Sourced from The Giffin Group

Gurus say that loyalty explains why some customers buy more, refer others and will stick with you even when you screw up. Cynics say, “If you want loyalty, get a dog.”

Are You Building the Right Kind of Loyalty?

Sure, you want more customer loyalty. But are you building the right kind of loyalty?

When I first began researching loyalty in the early ’90s in preparation for writing a book, University of Texas Professor Robert Peterson generously shared with me a then-unpublished white paper by his colleagues A.S. Dick and K. Basen, noted academics and consumer behavior experts. The authors explained that the level of attachment a customer feels toward a product or service is a prerequisite to loyalty and that a second factor that marks a customer’s loyalty is repeat patronage.

The authors showed how attachment is shaped by two dimensions: the degree of preference (the extent of the customer’s conviction about the product or service) and the degree of perceived product differentiation (how significantly the customer distinguishes the product or service from alternatives). The highest attachment occurs when a buyer feels a strong buying preference coupled with a high degree of perceived product differentiation. Dick and Basen explained that four distinct types of loyalty emerge when low and high attachment are cross-classified with high and low repeat purchase.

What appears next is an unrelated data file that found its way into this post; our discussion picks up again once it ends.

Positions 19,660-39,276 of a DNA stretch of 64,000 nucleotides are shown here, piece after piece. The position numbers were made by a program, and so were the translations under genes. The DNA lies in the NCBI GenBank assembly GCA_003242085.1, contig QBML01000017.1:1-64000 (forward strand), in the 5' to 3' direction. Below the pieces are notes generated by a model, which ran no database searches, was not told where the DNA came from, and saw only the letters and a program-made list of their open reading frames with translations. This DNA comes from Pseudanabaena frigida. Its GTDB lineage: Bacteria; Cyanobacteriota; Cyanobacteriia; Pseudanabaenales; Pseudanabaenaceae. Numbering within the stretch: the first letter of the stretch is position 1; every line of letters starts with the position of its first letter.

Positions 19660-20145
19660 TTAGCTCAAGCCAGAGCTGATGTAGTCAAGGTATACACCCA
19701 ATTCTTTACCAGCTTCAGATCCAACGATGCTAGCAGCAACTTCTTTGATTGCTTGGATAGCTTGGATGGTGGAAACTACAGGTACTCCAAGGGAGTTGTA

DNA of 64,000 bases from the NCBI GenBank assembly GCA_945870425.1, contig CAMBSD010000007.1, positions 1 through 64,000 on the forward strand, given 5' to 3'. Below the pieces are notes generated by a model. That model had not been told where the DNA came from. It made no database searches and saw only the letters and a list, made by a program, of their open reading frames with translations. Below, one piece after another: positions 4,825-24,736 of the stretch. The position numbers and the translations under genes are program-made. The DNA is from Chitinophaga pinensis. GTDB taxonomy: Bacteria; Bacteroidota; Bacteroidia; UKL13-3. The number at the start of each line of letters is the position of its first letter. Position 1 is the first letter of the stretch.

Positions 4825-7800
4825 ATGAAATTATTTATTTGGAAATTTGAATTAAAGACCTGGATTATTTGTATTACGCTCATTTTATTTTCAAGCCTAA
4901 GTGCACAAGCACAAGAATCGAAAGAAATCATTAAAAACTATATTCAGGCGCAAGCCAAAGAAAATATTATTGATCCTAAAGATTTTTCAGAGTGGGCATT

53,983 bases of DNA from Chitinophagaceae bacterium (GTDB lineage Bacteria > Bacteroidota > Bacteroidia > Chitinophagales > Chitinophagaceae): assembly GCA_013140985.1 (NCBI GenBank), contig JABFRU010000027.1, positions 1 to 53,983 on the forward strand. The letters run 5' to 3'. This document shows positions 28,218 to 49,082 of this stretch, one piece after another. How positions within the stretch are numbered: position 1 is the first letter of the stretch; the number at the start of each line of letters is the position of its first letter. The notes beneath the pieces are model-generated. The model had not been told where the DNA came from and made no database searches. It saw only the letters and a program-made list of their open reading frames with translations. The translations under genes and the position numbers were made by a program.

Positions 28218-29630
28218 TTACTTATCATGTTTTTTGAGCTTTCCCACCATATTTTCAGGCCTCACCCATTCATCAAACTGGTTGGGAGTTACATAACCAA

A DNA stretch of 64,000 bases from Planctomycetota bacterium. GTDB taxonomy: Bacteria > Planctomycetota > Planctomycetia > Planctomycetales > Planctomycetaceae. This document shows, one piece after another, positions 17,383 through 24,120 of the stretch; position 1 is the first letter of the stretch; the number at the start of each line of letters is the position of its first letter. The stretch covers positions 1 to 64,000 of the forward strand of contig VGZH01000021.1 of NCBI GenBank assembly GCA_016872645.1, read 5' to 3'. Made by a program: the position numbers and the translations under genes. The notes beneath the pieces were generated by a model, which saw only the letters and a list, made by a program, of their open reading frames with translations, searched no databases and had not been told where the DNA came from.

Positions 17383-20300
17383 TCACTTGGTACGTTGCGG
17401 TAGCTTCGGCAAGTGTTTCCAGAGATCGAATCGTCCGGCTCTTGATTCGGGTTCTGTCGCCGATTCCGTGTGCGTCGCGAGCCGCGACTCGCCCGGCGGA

As I read their paper, I can still recall that eureka!-like feeling that went off in my head. Loyalty, like many things in life, exists in grades. And just as with ice cream, premium is best.

Here’s how to identify each type:

  • No Loyalty

    For varying reasons, some customers do not develop loyalty to certain products or services. I know a manager of a travel agency who goes anywhere to get a haircut–just as long as it costs him $10 or less, the location is “on the way” to his next stop and he doesn’t have to wait long. He rarely goes to the same store two consecutive times. To him, a haircut is a haircut. (The fact that he is almost bald may have something to do with it!) His low attachment toward hair services combined with low repeat patronage signifies an absence of loyalty.Contrast this to a friend of mine who lives in New Jersey and drives two hours round trip every six weeks for hair color. Each trip costs her in excess of $90 for her hair and $22 for parking. While less expensive, more convenient hair care services are available closer to her home, she feels strongly about getting the “right” hair color service and perceives the Manhattan salon as clearly superior to other service providers.There’s no question you want more customers like my hair color friend and less like the travel agency manager. Generally speaking, businesses should avoid investing in “no loyalty” buyers, because they will never be loyal customers; they will add little to the financial strength of the business.
  • Inertia Loyalty